Commonwealth Essay – Fifty Years Into the Future

"2058 – Prelude"

PHASE ONE – 25th December 2057

The Christmas of 2057 didn't have anyone in a particularly festive mood at all. The Earth's natural resources had mostly run dry, excepting some precious but ultimately useless minerals, and countries that had previously relied on the exportation of such natural resources for profit were now in various stages of economic breakdown and more or less constant civil strife. Amidst the chaos, three power blocs had formed: the European Union, comprising all the nations of the European "continent" (they insisted it was a continent), Iceland, and some parts of Russia. Also was the so-called Human Reform League, comprised of China, Russia, Japan and some of the Asian nations, which had done a pitiful little "reforming" since its formation. Last but not least was the United States of America, now including member states not only from the former USA, but also from both of the North and South American continents.

As is usual in any human situation, there was hostility amongst the three powers – in fact; they had fought a nuclear war of crippling dimensions for some twenty years – but in view of the global energy crisis, they decided to call a truce and set their scientists to work to find a solution. A (literal) bright idea was proposed by one of the leading Russian scientists on the team. His suggestion involved a large, complex network of solar panels set up above and beyond the Earth's atmosphere, constantly sending energy back to the mother planet by means of three "Pillars of Heaven", one for each of the power blocs. (One must keep in mind that, at this point, technology was sufficiently advanced to propel fully-automated warships into space and keep them there, so as to better be able to drop bombs on one's enemies. The Russian scientist in question rightly proposed another method of using aforementioned technology.) His suggestion was quickly implemented, and as we speak, two of the three Pillars have already been completed – the Sverniy in St. Petersburg (it was reckoned that Russia, with the largest arsenal of nuclear weapons, could best defend it) and the Caledfwlch in Southern France.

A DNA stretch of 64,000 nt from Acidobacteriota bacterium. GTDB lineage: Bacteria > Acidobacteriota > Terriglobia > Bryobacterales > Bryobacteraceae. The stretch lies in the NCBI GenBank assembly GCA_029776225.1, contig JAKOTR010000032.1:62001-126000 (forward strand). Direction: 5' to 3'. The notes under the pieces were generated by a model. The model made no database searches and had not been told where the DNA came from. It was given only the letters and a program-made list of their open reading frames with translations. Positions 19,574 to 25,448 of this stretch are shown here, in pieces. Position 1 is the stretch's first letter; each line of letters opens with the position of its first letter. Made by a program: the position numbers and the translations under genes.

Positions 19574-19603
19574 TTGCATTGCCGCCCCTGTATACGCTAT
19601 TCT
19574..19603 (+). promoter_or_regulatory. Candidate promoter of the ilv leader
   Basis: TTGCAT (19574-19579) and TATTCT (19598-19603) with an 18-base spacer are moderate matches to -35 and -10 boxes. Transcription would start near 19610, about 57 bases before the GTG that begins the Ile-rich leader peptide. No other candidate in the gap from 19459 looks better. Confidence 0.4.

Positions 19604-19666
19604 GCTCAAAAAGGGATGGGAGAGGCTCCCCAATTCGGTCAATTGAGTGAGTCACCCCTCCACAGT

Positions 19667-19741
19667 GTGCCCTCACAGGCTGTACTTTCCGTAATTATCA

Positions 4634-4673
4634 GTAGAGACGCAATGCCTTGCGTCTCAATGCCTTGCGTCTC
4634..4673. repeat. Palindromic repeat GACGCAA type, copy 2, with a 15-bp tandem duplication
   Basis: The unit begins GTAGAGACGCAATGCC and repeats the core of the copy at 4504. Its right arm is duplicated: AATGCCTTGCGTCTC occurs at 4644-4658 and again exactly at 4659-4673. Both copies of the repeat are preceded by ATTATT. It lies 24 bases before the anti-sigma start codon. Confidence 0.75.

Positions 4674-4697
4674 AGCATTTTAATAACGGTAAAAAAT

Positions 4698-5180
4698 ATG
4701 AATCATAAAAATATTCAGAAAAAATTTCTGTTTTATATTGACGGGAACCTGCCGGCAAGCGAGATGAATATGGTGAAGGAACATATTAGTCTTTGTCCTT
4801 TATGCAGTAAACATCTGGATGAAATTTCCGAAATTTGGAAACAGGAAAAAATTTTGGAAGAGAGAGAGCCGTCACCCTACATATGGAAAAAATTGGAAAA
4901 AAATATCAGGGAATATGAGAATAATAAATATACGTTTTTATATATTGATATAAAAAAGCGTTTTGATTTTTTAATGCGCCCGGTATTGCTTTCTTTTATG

Naturally, every system must have its disadvantages. The major disadvantage of this system was, of course, the fact that it left most independent nations without viable sources of power. This led to the development of a new social structure, the "energy elite", so to speak, and making states close to the Pillars extremely attractive targets for jealously and (at worst) attack, if only for the fact that they usually possessed at least one solar energy pipeline. The Pillars themselves were, of course, perfectly safe – after all, who would be foolhardy enough to destroy on of the world's only sources of energy?


25th December, Falchion Republic

"Preparations for the Independent Army's next expedition are underway, sir!"

"Thank you."

The Falchion Republic was a seemingly random union of member states from around the world, independent from and hostile to any of the three power blocs for what its leaders called "moral and ethical reasons". It was a powerful union in its own right, much of its power grounded in nuclear weapons, deep space technology and genetic engineering. Officially neutral during the great nuclear war, it had, however, played its own game of chess by supplying arms to various nations when their aims coincided.

It was also unique in that it was led by a senate comprising members of the former nobility. Monarchy had been something they had overthrown, and attempts at Communism had met the same fate, but the so-called democracy was really only half a democracy. The people were happy with the arrangement, however – governments were chosen on a strict basis of genetics, personality and intelligence, and everyone knew that the unshakeable power of the Senate was what most intimidated the outside world. This last statement was true. The outside world viewed the High Council as a group of highly intelligent madmen, which may not have been so far from the truth.